Meng Wanzhou
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Meng Wanzhou, chief financial officer of Huawei, prepares to read a statement outside British Columbia Supreme Court in Vancouver on September 24. Photo: The Canadian Press/AP

LettersEnd of Meng Wanzhou saga brings hope of a fresh start for China and Canada

  • Readers react to the release of Huawei’s chief financial officer from detention in Canada, and Australia reneging on its submarine deal with France in favour of Aukus
Meng Wanzhou
The family of senior Huawei executive Meng Wanzhou and her family must be celebrating a late mid-autumn reunion after a judge ordered her release from custody in Canada on September 24.
Meng signed a deferred prosecution agreement with the US Department of Justice, in which she admits wrongdoing but not guilt. The charges against Meng are likely to be dropped on December 1, 2022, if she abides by the terms of the deal.
On her flight home, Meng expressed her gratitude to the Chinese government, which played a role in negotiating her release, and to her supporters in China. She received a hero’s welcome when she arrived in Shenzhen on Saturday evening.
Meanwhile, two Canadians, Michael Spavor and Michael Kovrig, who were charged and tried for espionage in China, were released and allowed to fly to Canada on the same day as Meng.
Last week, Justin Trudeau won a third term as Canadian prime minister. Traditionally, Canada and China have been firm trade partners, share many common interests and have had few conflicts. In fact, China was one of the main importers of Canadian pork and beef. Trudeau should lead Canada towards restoring trust with China soon, focusing on trade.

Canada and China can achieve a win-win harmony if both countries take the initiative to overcome the misunderstandings of the past three years.


China could stand as an ally to Canada, while Canada should not place itself in the US’ shadow, but welcome new friends while keeping its existing circle of friends in the loop. Canada should not have to choose between the US and China.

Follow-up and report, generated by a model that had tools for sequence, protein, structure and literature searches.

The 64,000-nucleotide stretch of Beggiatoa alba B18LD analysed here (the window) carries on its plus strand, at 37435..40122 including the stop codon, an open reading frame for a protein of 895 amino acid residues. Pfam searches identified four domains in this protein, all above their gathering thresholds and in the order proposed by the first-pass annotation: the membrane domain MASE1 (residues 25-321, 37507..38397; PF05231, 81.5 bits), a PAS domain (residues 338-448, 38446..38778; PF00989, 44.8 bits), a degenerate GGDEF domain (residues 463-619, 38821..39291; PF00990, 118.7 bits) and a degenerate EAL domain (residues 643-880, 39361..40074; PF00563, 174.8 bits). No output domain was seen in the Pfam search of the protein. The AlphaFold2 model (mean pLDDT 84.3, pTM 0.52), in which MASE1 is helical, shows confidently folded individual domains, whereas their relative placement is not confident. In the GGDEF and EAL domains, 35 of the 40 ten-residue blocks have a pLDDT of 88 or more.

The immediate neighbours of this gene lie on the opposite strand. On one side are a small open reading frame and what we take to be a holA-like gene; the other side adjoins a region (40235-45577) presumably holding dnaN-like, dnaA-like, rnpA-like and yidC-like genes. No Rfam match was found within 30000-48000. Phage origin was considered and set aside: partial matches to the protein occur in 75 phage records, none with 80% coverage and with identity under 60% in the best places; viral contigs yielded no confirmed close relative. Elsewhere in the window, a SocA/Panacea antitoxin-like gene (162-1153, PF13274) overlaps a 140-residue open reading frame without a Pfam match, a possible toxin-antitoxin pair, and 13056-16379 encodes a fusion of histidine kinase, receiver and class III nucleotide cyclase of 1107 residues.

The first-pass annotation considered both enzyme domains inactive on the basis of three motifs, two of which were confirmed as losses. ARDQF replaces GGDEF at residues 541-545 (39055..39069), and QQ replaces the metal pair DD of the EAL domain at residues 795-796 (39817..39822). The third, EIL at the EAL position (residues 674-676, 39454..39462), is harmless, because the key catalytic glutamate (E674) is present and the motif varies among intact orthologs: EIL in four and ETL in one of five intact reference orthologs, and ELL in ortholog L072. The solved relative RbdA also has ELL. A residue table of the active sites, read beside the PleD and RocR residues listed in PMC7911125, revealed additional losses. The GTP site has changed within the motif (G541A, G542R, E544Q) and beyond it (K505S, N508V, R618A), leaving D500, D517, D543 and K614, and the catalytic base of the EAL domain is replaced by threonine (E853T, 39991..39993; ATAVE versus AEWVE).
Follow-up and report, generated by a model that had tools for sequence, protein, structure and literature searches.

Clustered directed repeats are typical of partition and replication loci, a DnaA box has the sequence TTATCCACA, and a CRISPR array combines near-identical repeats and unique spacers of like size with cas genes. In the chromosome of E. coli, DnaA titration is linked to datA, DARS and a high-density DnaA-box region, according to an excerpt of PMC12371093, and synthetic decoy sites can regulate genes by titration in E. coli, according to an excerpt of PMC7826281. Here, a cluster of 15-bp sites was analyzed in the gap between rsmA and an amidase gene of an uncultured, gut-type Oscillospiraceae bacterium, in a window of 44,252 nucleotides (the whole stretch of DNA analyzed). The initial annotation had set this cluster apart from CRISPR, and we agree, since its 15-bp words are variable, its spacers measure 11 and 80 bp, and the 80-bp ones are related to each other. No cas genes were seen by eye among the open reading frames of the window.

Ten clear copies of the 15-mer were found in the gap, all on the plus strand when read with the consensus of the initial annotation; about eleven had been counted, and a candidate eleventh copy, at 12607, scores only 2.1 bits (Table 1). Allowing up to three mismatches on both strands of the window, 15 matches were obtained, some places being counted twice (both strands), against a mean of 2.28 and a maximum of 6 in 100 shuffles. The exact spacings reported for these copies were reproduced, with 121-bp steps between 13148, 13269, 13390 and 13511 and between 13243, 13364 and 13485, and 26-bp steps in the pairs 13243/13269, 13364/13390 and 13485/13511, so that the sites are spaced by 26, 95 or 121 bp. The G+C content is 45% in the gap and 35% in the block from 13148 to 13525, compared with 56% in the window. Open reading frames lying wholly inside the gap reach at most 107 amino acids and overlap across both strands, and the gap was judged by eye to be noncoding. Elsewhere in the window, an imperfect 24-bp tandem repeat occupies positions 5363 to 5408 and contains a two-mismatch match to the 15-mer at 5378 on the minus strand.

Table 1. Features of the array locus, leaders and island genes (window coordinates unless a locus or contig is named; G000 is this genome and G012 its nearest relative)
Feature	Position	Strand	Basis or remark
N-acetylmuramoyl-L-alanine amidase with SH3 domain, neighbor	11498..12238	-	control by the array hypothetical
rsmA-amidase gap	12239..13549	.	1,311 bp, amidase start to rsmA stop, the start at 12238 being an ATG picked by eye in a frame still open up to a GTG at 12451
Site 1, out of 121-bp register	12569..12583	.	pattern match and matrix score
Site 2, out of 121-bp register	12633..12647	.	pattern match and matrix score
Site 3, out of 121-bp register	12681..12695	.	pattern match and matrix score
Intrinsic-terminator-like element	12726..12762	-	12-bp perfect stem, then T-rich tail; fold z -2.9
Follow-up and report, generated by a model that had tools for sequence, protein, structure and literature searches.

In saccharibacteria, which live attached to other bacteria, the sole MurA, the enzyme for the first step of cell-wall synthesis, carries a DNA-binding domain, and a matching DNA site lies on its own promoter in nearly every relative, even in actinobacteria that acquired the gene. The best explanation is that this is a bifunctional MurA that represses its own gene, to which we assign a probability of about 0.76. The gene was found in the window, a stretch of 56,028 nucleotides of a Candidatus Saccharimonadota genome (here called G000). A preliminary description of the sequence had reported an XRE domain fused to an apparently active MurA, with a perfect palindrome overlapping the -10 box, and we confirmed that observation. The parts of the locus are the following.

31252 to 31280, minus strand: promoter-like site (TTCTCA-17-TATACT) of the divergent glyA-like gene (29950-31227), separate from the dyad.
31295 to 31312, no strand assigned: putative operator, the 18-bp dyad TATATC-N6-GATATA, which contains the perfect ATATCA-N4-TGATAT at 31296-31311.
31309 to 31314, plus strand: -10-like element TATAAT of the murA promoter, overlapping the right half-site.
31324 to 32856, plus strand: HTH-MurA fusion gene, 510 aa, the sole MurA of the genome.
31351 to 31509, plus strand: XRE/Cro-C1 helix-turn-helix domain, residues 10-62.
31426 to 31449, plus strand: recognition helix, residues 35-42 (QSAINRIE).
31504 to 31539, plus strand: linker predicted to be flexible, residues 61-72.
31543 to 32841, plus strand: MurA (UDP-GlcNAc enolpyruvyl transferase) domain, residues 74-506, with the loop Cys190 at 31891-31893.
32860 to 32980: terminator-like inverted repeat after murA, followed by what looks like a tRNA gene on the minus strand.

Perhaps Meng’s release can trigger a new start in China-Canada relations.

K.K. Chu, Ho Man Tin

Australia may pay high price for snubbing France

Australian Prime Minister Scott Morrison recently cancelled an A$90 billion (US$66 billion) deal with France to build a fleet of submarines, choosing to acquire nuclear submarine technology from the United States instead.

France, not surprisingly, sees this as a betrayal. The European Union has backed France in the dispute. Australia should remember that France will be the president of the Council of the EU in 2022.

Not only is Morrison’s decision straining ties with the EU, but it is also a blow to Australia’s reputation and will deepen the Sino-American chasm. Why would Australia put itself in this position?


There is no immediate threat to Australia’s survival. Perhaps it sees China as a threat, but it is unlikely that China will mobilise troops against Australia.

If the deal was meant to defend freedom of navigation in the South China Sea, the US, UK and Japan are at the forefront of this, and Australia will find itself watching from the sidelines.

The only conceivable reason for the nuclear submarine deal might be to signify the cementing of US-Australia relations under the new Aukus alliance. This does not seem like good enough reason for Australia to renege on the deal with France.

Randy Lee, Ma On Shan